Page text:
Of the many concerns about Apple’s business, one of the biggest is that its margins are going to collapse as the smartphone business becomes commoditized.
Apple analyst Gene Munster confirms that Apple’s margins are due for a big drop. And he also basically confirms its going to be due to smartphone competition.
In a new note, he’s calling for Apple’s margins to be at 34% in two years. He believes Apple’s low-margin “cheap” iPhone, which Apple would release to chase market share, is going to hit the margins.
The consensus from analysts is for Apple’s margins to be 37% in two years, which means that if Munster is right, investors are in for a surprise.
He says there are murmurs of Apple’s gross margin going sub 30%, which would be a disaster. Munster thinks it would take “a nuclear meltdown” in Apple’s model for the margins to go lower than his estimate. The nuclear meltdown would happen if Apple released a cheap iPhone that took 50% of the overall iPhone mix and if it release a super low-margin TV.
The good news is that Munster looked at the iPhone business and concluded that its margin has remained stable, which is counter to what many people believe since a year ago Apple’s margin was 47.4%. Last quarter it was 37.5%.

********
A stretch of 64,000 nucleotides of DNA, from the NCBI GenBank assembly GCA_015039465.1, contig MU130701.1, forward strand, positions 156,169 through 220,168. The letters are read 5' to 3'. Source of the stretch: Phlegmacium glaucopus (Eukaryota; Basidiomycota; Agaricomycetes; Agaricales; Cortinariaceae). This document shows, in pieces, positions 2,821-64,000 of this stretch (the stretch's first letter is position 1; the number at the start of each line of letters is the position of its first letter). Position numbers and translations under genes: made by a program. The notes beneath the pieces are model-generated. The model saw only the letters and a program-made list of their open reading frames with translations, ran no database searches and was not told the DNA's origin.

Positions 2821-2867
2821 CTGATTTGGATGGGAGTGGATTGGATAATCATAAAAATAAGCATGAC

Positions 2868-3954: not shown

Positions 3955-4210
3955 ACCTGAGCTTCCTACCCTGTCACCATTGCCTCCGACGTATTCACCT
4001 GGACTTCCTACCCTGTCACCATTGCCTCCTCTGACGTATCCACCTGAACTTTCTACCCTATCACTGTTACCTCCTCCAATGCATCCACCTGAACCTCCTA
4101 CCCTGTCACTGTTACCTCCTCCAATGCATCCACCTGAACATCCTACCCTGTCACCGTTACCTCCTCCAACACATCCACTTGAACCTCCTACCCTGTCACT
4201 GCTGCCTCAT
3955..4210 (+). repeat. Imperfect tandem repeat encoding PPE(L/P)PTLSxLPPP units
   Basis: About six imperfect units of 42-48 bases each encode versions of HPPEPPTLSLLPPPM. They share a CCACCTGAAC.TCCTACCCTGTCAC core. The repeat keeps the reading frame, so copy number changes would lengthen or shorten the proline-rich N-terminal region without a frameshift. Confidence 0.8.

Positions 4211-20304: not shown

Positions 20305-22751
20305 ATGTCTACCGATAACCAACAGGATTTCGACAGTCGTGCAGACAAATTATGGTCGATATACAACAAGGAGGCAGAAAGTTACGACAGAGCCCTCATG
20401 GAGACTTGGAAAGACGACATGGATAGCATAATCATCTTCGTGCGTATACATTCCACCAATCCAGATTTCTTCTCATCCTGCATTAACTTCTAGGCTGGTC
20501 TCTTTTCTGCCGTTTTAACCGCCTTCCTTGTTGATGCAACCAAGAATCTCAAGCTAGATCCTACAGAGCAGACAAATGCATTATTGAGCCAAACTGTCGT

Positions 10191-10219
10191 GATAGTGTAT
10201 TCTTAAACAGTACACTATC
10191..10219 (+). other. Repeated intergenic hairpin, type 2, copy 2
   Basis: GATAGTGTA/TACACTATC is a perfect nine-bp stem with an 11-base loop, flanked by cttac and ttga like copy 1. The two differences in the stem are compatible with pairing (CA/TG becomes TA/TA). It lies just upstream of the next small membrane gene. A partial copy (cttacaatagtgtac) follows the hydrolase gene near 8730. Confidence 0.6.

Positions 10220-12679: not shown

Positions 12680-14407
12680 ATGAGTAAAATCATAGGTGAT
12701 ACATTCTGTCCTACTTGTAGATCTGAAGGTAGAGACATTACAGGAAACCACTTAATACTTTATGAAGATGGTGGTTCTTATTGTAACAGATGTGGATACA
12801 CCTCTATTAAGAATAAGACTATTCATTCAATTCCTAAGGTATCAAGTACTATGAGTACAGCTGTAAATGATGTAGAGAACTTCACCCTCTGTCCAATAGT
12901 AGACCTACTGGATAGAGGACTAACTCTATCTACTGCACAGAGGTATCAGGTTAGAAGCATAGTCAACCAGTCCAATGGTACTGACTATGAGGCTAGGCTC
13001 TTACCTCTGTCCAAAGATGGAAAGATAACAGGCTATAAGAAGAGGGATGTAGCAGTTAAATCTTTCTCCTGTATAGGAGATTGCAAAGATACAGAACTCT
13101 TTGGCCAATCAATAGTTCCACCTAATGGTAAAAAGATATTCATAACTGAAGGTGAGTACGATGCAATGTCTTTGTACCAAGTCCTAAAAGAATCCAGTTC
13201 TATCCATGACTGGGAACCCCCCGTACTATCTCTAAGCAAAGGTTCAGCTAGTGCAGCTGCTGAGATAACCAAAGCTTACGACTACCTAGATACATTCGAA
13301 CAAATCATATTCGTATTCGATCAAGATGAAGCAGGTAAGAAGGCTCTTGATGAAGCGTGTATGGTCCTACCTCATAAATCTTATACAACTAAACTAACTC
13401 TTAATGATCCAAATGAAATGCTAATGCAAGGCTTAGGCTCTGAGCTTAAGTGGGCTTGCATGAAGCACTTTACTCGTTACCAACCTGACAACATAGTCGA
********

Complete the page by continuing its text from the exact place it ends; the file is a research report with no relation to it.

The iPad Mini caused the drastic fall in Apple’s margin, says Munster. He believes it has a 20% margin, while the iPhone has a 55% margin. If you back out the iPad Mini, Apple’s overall margin would have been 40.2% last quarter.
Obviously, you can’t back out the iPad Mini. Further, Apple is expected to release a cheap iPhone, which he thinks could have a margin similar to the iPad Mini.
He doesn’t include an Apple TV in his model, but if Apple does release a TV, he sees it with a 10%-20% margin.
The cheap iPhone, the iPad Mini, and the television would all cause a serious drag on Apple’s margins.
This is all largely speculative, so you should treat it as such. But, Munster lowered his price target on Apple to $655 from $688 after lowering his EPS estimate for next year by 5%.
Here’s two tables from Munster that lay out various EPS scenarios based on the low-cost iPhone and TV.